Parents and children have been struggling mightily to balance the demands of work, family, and school. Sadly, some have already given up, as evinced by the ~10% loss of students who are disconnecting from their schools by just not showing up online. Many students who are staying connected through distance learning have expressed dissatisfaction with the suitability of their education.
Astonishingly, our students are asking us for more teaching! As responsible adults, we know that our school and personal resources are already stretched to the maximum. So, how can we provide more teaching when the resources that we have at our fingertips are already being used to the point of saturation? Also, as soon as workable new teaching resources are developed, they are also gobbled up or offered as alternatives to schools, often while being difficult to use. Many of these resources are too generic in their approach to work effectively with student’s specific needs.
The kind of teaching that students most prefer is more in-person classroom time with their local teachers. But given the intense spreading of the Corona Virus, the local and state directives, and the lack of a vaccine, in-person teaching seems too risky right now. The Corona Virus is attacking humans and other animals with abandon.
Some parents are considering hiring teachers to come into their homes, or in pods to teach their students, a costly and perhaps unworkable solution, given both Office of Education and Health Department directives. Merging the desire for a more personal touch with classroom teachers might seem impossible, but there are solutions available in our local community that can be tapped into.
While in-person teaching is presently restricted, there are still alternatives. Here is a partial list:
1) District or County distance learning resources (call your local school district and county education offices).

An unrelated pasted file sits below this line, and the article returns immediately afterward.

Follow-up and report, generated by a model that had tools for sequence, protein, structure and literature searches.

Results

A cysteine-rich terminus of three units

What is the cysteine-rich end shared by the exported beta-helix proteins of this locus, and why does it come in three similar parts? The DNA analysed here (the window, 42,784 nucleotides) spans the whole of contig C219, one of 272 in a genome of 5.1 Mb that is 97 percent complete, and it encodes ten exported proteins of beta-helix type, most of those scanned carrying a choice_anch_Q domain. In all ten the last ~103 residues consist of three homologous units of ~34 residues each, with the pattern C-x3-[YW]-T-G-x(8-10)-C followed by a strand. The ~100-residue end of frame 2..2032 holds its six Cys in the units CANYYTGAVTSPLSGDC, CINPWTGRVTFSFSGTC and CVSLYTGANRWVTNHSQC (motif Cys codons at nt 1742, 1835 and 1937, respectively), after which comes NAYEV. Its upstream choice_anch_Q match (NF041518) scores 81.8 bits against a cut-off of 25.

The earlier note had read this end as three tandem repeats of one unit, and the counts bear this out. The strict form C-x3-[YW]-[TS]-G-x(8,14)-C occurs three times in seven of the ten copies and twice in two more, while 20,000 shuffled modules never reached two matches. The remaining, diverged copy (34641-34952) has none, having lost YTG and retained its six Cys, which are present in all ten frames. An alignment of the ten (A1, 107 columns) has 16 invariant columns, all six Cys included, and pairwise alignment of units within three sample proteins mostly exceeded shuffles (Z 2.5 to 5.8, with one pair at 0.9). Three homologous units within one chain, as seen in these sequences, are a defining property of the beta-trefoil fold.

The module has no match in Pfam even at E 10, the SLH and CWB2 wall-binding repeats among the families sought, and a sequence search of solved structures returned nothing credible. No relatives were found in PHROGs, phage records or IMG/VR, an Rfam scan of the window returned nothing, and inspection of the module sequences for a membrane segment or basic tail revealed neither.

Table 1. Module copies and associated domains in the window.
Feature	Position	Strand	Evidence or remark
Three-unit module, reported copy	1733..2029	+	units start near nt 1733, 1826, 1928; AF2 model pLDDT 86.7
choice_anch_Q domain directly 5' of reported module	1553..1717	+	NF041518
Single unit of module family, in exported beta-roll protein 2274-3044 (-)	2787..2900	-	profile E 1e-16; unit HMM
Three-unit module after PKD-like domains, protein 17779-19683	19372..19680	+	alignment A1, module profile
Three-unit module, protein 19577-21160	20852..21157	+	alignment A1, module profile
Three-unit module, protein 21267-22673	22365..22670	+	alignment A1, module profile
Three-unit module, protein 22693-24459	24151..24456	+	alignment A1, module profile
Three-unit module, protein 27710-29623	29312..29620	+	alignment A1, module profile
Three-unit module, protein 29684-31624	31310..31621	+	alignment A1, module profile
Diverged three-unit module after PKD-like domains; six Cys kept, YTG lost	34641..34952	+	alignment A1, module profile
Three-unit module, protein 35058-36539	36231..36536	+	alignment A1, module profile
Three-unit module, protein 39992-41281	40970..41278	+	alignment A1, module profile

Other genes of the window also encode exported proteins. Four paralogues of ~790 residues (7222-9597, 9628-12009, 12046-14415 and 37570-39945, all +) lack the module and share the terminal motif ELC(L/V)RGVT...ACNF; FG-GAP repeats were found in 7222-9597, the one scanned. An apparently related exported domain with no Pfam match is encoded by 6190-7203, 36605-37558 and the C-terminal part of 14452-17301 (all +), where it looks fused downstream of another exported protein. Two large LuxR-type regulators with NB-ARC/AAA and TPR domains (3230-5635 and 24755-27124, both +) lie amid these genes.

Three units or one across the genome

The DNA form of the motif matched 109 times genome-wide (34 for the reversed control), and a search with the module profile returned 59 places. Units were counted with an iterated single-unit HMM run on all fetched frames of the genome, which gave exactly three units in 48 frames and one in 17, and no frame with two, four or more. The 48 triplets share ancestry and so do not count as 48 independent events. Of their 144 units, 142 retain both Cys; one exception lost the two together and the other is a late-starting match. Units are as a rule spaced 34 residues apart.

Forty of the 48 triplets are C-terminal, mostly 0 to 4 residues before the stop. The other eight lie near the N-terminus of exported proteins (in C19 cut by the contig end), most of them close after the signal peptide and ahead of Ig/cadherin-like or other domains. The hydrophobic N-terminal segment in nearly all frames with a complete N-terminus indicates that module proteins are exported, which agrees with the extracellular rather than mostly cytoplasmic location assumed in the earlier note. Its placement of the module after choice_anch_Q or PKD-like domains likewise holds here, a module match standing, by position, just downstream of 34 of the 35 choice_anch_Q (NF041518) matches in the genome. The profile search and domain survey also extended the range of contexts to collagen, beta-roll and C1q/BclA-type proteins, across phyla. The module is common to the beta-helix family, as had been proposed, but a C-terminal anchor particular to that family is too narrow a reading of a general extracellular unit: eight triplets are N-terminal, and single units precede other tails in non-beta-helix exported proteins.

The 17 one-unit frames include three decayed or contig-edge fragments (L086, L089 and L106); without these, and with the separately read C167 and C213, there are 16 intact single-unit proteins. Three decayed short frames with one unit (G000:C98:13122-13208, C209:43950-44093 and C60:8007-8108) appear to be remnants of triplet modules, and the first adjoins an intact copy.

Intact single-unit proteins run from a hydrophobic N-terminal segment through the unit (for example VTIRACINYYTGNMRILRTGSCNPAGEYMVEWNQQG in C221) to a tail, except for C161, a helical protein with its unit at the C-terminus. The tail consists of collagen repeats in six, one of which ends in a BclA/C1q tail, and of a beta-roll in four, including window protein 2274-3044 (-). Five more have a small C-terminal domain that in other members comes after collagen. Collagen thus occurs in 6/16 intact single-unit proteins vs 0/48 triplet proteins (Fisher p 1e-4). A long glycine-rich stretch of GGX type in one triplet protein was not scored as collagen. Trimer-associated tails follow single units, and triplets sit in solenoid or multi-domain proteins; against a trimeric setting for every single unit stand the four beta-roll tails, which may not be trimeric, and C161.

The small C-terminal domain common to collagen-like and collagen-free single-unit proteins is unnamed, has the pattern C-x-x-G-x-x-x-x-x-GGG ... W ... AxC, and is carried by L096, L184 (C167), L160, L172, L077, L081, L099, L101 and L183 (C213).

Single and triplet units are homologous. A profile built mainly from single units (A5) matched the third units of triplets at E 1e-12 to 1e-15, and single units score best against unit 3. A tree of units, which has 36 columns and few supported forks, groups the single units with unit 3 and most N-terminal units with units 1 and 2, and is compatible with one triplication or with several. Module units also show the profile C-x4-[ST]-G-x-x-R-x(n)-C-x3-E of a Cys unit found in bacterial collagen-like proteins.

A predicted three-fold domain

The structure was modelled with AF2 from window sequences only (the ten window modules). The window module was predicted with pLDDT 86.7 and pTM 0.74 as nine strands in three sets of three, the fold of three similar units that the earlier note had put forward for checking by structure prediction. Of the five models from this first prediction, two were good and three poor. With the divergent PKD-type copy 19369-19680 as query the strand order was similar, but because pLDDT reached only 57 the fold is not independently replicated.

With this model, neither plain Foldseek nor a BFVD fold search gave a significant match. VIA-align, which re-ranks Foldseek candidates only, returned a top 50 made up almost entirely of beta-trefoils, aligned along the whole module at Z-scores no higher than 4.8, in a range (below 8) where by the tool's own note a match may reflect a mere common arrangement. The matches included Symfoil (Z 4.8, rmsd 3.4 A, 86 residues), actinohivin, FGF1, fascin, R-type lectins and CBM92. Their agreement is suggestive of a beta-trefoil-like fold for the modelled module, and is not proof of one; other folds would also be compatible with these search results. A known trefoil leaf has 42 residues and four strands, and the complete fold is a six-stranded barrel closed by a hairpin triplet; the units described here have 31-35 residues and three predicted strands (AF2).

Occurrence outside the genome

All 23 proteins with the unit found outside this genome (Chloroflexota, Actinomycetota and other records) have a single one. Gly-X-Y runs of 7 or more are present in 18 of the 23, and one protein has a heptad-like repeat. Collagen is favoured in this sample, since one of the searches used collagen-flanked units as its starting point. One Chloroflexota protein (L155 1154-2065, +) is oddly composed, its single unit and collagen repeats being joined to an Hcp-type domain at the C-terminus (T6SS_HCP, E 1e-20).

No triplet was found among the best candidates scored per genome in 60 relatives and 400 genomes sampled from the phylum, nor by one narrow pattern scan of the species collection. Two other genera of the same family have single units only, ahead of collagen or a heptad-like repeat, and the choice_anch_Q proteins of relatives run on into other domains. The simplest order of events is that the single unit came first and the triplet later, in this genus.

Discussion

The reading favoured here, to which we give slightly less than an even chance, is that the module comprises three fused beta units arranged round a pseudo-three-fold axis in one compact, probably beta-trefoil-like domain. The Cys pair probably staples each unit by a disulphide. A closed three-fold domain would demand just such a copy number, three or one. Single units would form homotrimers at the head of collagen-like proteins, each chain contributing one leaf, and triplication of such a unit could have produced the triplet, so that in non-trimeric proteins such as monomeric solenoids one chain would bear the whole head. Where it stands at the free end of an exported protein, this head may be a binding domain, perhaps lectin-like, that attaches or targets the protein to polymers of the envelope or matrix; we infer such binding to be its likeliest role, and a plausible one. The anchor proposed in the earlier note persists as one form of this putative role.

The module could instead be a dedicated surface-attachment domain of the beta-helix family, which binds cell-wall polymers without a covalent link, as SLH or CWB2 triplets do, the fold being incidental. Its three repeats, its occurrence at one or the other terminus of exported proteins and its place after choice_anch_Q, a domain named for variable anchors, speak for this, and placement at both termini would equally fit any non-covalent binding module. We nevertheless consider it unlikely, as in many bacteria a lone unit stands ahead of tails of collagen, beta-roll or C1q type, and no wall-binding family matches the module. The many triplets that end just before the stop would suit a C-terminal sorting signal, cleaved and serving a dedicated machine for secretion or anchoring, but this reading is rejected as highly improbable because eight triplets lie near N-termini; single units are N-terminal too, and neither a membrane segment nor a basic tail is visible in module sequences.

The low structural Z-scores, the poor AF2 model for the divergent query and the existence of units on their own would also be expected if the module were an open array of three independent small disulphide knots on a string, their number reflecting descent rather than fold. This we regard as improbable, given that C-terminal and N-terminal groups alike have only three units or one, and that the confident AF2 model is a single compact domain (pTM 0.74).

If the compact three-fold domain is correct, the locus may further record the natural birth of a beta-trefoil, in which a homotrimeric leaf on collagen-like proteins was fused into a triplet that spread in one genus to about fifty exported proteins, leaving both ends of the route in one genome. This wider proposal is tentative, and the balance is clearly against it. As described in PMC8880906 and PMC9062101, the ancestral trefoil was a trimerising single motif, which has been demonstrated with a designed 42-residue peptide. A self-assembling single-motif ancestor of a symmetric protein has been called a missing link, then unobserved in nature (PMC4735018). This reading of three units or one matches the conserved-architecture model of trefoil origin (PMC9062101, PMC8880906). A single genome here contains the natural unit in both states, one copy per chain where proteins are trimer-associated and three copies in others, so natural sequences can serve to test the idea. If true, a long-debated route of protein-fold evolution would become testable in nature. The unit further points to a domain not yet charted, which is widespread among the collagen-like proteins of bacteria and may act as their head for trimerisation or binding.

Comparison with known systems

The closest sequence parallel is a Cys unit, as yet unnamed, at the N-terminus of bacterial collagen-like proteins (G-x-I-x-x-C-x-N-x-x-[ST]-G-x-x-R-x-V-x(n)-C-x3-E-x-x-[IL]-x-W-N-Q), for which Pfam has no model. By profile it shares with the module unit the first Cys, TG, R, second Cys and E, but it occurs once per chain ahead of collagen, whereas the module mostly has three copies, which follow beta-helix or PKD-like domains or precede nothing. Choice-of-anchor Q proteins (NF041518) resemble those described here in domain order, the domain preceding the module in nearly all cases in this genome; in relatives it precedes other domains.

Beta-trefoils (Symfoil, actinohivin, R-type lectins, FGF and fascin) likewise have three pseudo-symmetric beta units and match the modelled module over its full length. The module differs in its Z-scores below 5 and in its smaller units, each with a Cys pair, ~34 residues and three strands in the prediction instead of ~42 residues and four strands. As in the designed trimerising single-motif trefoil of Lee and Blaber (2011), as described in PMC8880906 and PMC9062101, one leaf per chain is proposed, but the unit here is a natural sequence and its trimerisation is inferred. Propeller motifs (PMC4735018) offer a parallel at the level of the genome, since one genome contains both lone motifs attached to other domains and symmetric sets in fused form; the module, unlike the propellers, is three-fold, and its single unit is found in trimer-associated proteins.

2) Small group or one-on-one Zoom, Facetime, Google, or Skype video connection with local tutoring resources (i.e. Tutoring Club of Scotts Valley). Over-the-telephone connection can work well enough too, for some courses and some students.
3) Pre-packaged online courses (i.e. Accelerate Education, University online courses, XL,) offered through your local school district, community college, colleges, universities, and the Santa Cruz County Office of Education (SCCOE).
4) Your wise and experienced family members, who are both willing and able to help on a regular schedule.
5) Local service organizations (i.e. Boys and Girls Clubs, Kiwanis, Lyons, Rotary).
6) Retired teachers with multiple credentials for independent study.
Many of these options require your “teaching helper” to be familiar with computer and online resources, such as Zoom and Google Classroom. The student must also have an available computer and Wi-Fi connection (these resources might be available through your school or school district).
Your chosen resource people should be college educated and Department of Justice screened, with deep subject-specific experience, credential, or certification. Local community-based people, or organizations, tend to be more aware of the kind of support that students need.
Also important is that your “teaching helper” be familiar with your local district’s graduation requirements, so that your student doesn’t miss taking classes that they will need in order to graduate from high school!
Ask your “teaching helper” for a written description of their experience, community service, and subjects that they can help you with. Clearly, the wider the variety of subjects that a “teaching helper” can offer, the easier it will be for a parent to have all their teaching bases covered by one person or organization.
We welcome further questions about these options, so please call or email to get a written description of our tutoring services:
Tutoring Club of Scotts Valley, 221-D Mount Hermon Road, Scotts Valley, CA 95066, email@example.com, 831-439-8886, Owned by, Pat Perkins and Randy Klein
The Tutoring Club is a member of the Scotts Valley Chamber of Commerce, and a supporter of the Scotts Valley Educational Foundation, and several other community service organizations and events. Pat and Randy know that teachers are “real heroes” in our community!